Social Theory in the Twentieth Century and Beyond
Baert, Patrick and Silva, Filipe Carreira da
Polity Press, Cambridge
Baert and Carreira da Silva's book is a substantially updated edition of Baert's Social Theory in the Twentieth Century (1998) and remains a comprehensive, informative and well-written read for both undergraduates and postgraduates. This second edition includes several additional sub-chapters, an entirely new chapter on current trends in social theory and a new conclusion presenting the authors' neo-pragmatist perspective. In turn, a chapter on the philosophy of science has been omitted.
Baert and Carreira da Silva start with a programmatic introduction of what social theory should be about: 'a relatively systematic, abstract and general reflection on the workings of the social world' (p. 1). Accordingly, social theories need to be consistent and coherent, are demarcated from practical orientations of empirical sociology (although they are not necessarily independent from the latter) and present general patterns instead of particularities. In addition, the authors describe their book as avoiding four common fallacies (pp. 8-10): firstly, the fallacy of explanatory reductionism which presupposes that social theories solely aim to explain. Secondly, the fallacy of perspectivism according to which competing theories cannot be independently evaluated, e.g. by their analytical clarity, internal consistency and originality. Thirdly, the fallacy of externalism which judges social theories according to external criteria; and finally, the authors oppose the political fallacy, i.e. the evaluation of social theories by reference to their political effects. The subsequent chapters implement this agenda whereby in particular the rejection of the fallacy of explanatory reductionism is rooted in their neo-pragmatist perspective to which I turn later.
Chapter 1 deals with French social theory, including Durkheim, Saussure, Lévi-Straus, Bourdieu and, a new addition, the work of Boltanski. Chapter 2 on (neo-)functionalism again starts with Durkheim and elaborates on early functionalists such as Malinowski and Radcliffe-Brown. The chapter then covers Parsons, Merton, Luhmann and now also Alexander's cultural sociology. Chapter 3 introduces Mead, Goffman and ethnomethodology. This chapter now also includes a section on the micro-sociology of Collins and Hardin. Chapter 4 discusses rational choice theories and, also new, varieties of new institutionalism. Chapter 5 turns to Giddens' structuration theory and, again new, introduces authors from the area of historical sociology. Chapter 6 discusses Foucault's archaeology and genealogy. Chapter 7 focuses on Habermas' critical theory though this second edition also includes a section on Offe and Honneth. Chapter 8 is entirely new and introduces diverse perspectives which account for the empirical condition of contemporary modernity (Castells' network society, Beck's risk society, Bauman's liquid modernity, Sassen's global city and Sennett's writings on intimacy, the public domain and physical space as well as the personal costs of economic globalisation). Each of these chapters is very accessible and can be read on its own. They address relevant points by contextualising theories and authors and each chapter ends with a discussion of the main points of criticism.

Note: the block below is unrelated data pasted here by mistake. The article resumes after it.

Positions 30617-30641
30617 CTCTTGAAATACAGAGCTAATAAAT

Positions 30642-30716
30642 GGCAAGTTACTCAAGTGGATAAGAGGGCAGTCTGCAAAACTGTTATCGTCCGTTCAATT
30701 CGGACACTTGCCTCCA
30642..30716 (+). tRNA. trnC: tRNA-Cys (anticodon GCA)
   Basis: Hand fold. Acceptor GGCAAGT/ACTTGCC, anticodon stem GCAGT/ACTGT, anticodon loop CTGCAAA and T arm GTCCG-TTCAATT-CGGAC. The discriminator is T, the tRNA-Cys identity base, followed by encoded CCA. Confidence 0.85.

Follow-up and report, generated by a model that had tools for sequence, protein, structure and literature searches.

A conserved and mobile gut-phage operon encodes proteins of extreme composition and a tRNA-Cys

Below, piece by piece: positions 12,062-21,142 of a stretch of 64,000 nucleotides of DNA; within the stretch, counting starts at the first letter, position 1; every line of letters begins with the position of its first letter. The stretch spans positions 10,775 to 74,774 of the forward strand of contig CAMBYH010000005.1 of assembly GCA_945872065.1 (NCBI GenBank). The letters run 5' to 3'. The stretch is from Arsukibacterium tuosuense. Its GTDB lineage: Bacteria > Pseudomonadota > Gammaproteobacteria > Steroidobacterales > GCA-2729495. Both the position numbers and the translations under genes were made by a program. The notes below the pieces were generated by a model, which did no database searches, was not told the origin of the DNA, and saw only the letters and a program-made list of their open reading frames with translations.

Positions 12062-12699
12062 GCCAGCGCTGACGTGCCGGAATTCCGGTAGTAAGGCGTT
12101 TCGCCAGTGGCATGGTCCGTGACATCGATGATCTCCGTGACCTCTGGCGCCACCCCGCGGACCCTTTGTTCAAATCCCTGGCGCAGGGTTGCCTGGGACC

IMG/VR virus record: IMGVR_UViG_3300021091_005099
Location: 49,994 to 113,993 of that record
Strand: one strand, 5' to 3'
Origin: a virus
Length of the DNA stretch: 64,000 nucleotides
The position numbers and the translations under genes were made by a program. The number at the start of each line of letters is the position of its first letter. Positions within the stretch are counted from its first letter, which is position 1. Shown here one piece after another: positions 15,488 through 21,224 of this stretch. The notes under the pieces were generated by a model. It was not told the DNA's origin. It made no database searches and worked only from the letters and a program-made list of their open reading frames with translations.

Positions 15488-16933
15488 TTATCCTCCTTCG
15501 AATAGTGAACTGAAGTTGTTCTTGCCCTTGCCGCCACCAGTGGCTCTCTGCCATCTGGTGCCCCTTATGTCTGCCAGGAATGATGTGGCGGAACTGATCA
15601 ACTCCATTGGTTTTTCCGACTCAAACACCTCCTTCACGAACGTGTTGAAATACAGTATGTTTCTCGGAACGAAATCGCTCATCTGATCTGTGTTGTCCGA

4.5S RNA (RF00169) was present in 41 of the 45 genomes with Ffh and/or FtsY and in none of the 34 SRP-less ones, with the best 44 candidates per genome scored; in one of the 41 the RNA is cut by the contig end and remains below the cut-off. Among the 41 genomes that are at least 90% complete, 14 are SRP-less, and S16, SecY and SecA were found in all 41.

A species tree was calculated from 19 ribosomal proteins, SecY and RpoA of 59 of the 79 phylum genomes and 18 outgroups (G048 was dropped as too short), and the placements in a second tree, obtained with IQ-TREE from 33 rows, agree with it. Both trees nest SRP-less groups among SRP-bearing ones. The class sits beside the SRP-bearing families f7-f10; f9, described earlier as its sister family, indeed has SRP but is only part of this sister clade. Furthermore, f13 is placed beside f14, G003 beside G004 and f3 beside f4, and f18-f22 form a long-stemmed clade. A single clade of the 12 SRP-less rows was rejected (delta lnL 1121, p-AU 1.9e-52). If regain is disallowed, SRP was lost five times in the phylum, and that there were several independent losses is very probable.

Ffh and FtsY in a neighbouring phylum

This brings me to the final chapter which outlines their neo-pragmatism, largely via juxtaposing the latter with deductive-nomothetical and representational approaches (pp. 288-291). In the first edition, their representatives – falsificationism and critical realism – were part of the chapter on the philosophy of science but now explicitly serve to highlight Baer and Carreira da Silva's neo-pragmatist agenda. The latter is anti-foundational, anti-naturalist and anti-representational. Instead, it aims for new ways of self-understanding by becoming aware (and possibly unsettling) existing presuppositions and emphasises the link traditionally stressed by pragmatists between knowledge and action. In the authors' words, social research should strive for 'the encounter with the unfamiliar to challenge them and think differently' (p. 305). Against this proposal, critics might emphasise, e.g., explanation, understanding and a strong notion of critique as its key dimensions. However, in line with the authors' proposal, let me rather follow the model of internal criticism by noting two points. Firstly, the authors' interesting plea for pragmatism might overlook some similarly interesting links between a key pragmatist, Peirce, and critical realism (c.f. Nellhaus, 1998; Archer, 2009) which they, perhaps unnecessarily harshly, reject. Secondly, while the book emphasises differences between 19th century social theory and contemporary social theory, the latter being separated from empirical sociology, professionalised and de-politicised (p. 2), the authors do point to the persistent influence of sociology's founding fathers. In particular, Durkheim is debated in both Chapters 1 and 2. However, his contemporary Weber is hardly mentioned at all. This is surprising given the book's supposed audience and given that the extensively discussed Parsons and Habermas rely heavily on Weber. Nevertheless, Baert and Carreira da Silva's book can be highly recommended, perhaps precisely because it connects a clear introduction with a stimulating proposal on the future of its subject.
ReferencesARCHER, Margaret S. (Ed) (2009). Conversations about Reflexivity. Oxford: Routledge.
NELLHAUS, Tobin (1998): Signs, social ontology, and Critical Realism, in: Journal for the Theory of Social Behaviour, 28:1–24.